The examination starts very well; Melanie is calm and plays accurately and expressively.  Halfway through the piece, an eager fan bursts through the doors seeking a signature from Ariane, (Catherine Frot) one of the famous pianists on the jury.  Ariane obliges, and Melanie stops playing distracted and afraid that she is playing poorly and the jury is no longer interested in her playing.  Ariane lectures Melanie that she need not have stopped and tells her to continue where she left off.  By that point, the damage is done; Melanie cannot refocus her concentration and badly stumbles through the remainder of the piece.

Interestingly, the film never shows the audience the jury’s verdict.  Although they were disappointed with the second half of Melanie’s playing, it is still possible that she could have passed based on the first half of her performance or from sympathy due to the distraction.  That does not matter to Melanie; she did not play at the level she wanted, and her piano career is over.  She leaves the room crying, and on arriving home locks-up her sheet music and her miniature bust of Beethoven, and she then locks the top of the piano.

Several years later, the adult Melanie (Déborah François from L’Enfant) is working as an intern at a law firm.  Her boss (Pascal Greggory) needs a nanny for his young son, and Melanie offers to do the job.  When she arrives at his home, she discovers that his wife is Ariane.  It then becomes apparent that Melanie has never outgrown her obsession, and she has harbored a grudge against Ariane for nearly a decade.

Initially, it is hard not to feel sympathy for Melanie.  As a child, she was an eager and slightly anxious pianist.  Her perfectionism and obsession were a weakness, but they did not define her, and one hoped she would overcome them.  The distractions on her exam, which Ariane encouraged, would have been unnerving for even a professional performer.  Indeed, after a car accident Ariane suffers from performance anxiety, which surrounding distractions heighten.  However, Melanie’s increasingly ruthless attempts at vengeance show that she has allowed her unhealthy obsession to define her personality.

Melanie’s actions become increasingly sinister as she attempts to ruin not only Ariane’s life but Ariane’s entire family’s as well.  The most shocking scenes of Melanie’s cruelty are those as she threatens Ariane’s son under the guise of helping him.

There are two scenes which stand out from the otherwise sinister proceedings, contrasting the old Melanie and the woman who has allowed her obsession to consume her.  At one point an old friend meets Melanie while she is shopping with Ariane.  They quickly catch up with a friendly and heartfelt discussion.  The other scene is when Melanie calls her parents and shows herself to be a devoted, caring daughter.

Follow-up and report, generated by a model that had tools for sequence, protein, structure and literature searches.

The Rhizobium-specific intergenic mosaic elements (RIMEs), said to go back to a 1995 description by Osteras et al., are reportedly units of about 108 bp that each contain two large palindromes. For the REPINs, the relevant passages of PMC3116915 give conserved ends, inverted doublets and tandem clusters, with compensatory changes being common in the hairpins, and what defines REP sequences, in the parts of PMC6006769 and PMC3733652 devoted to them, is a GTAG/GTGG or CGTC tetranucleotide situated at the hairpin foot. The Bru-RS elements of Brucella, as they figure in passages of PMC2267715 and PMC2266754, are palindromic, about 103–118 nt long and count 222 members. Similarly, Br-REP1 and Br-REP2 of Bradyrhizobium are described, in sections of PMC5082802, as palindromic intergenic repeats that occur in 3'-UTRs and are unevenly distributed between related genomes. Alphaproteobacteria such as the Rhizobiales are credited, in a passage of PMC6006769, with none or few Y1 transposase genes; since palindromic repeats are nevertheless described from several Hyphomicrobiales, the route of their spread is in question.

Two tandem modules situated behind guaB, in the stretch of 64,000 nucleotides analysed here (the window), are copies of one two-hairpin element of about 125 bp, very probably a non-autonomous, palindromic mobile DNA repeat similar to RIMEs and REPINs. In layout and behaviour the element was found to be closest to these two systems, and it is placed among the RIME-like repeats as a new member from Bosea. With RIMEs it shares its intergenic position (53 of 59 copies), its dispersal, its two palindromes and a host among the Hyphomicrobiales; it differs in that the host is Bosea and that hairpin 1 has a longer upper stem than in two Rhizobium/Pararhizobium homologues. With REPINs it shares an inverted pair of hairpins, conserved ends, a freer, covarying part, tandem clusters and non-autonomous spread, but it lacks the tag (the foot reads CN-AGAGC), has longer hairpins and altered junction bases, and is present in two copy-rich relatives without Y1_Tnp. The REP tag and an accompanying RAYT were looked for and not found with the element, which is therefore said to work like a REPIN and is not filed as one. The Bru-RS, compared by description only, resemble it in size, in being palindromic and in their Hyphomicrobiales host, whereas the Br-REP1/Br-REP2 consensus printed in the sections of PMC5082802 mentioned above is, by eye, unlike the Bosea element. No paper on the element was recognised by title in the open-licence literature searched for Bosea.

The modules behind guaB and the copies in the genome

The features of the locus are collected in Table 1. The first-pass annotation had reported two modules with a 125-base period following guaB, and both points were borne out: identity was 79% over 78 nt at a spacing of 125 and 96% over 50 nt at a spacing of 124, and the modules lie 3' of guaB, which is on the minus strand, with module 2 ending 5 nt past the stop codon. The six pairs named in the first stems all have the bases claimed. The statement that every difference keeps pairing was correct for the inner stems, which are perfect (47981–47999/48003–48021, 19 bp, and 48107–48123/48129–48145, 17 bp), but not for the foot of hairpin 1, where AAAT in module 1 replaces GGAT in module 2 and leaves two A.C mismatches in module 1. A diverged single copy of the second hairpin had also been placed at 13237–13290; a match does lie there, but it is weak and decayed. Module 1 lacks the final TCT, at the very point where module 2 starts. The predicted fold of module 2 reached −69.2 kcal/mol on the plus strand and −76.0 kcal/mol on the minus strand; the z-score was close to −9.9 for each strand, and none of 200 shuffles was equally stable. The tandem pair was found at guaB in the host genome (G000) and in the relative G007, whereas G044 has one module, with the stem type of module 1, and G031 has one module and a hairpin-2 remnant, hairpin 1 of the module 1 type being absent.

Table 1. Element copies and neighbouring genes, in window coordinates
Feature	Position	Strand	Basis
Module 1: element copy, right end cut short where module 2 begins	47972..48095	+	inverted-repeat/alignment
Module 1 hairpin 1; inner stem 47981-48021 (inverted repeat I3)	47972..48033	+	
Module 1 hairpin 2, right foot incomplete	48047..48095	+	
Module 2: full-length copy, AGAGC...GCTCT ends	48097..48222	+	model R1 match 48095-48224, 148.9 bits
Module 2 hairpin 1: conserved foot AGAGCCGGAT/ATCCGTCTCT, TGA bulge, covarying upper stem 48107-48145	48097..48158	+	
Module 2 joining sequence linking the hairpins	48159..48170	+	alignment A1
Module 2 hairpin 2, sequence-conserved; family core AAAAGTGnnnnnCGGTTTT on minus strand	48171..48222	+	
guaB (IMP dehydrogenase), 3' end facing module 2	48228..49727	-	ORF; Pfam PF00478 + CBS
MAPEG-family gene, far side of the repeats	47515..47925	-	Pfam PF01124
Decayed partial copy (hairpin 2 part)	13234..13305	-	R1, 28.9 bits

It is slightly surprising that all of Melanie’s plans play out as well as she intended.  A major portion of Melanie’s plan is dependent on Ariane’s accident, which is a coincidences that Melanie could not have foreseen.  To the film’s credit, Melanie handles each situation, occasioned by luck or by her planning, with such naïveté and innocence that it would be easy for her to manipulate people the way that she wants, which makes her plan for vengeance mostly plausible.

As would be expected, Jerome Lemonnier’s score prominently features piano.  Surprisingly, the main theme is not a virtuosic piano solo suggesting the prodigious talent of the two leads, but rather a register-shifting melody with a sparsely textured accompaniment suggesting the uneasy mental state of both Melanie and Ariane.  The main theme also utilizes many repeated notes to underscore Melanie’s destructive obsession.

Like most good revenge stories, The Page Turner’s premise allows the perpetrator of vengeance to treat the victim the same way that the victim initially treated the perpetrator, emphasizing that revenge makes one into the person that one wanted to destroy.  Melanie’s conniving may or may not be successful, but she plays on the same nerves of Ariane that she allowed to destroy her own career, hoping to have similar results with Ariane.

Despite a few plot points occasioned by coincidence, The Page Turner is still a competent story about revenge, a story that makes intriguing observations and worthwhile use of the viewer’s time.


Content Advisory: A scene of explicit groping, fleeting nudity, a subtle lesbian seduction, a gruesome stabbing, and some menace towards a child.                               Not Rated.

Suggested Audience: Adults.

Personal Recommendation: B+

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Farewell My Concubine

Year of Release: 1993     Directed by Kaige Chen.         Starring Leslie Cheung, Fengyi Zhang, Gong Li, Qi Lu, and You Ge.

Being a big fan of Together with You, director Kaige Chen’s skilled and heartwarming 2003 film about the relationship between a young prodigy violinist and his father, I had high expectations for his earlier, more highly acclaimed work Farewell My Concubine.  Alas, the empathetic believable characters and compelling storytelling which made Together with You so memorable and enjoyable, are nowhere to be found in Farewell My Concubine.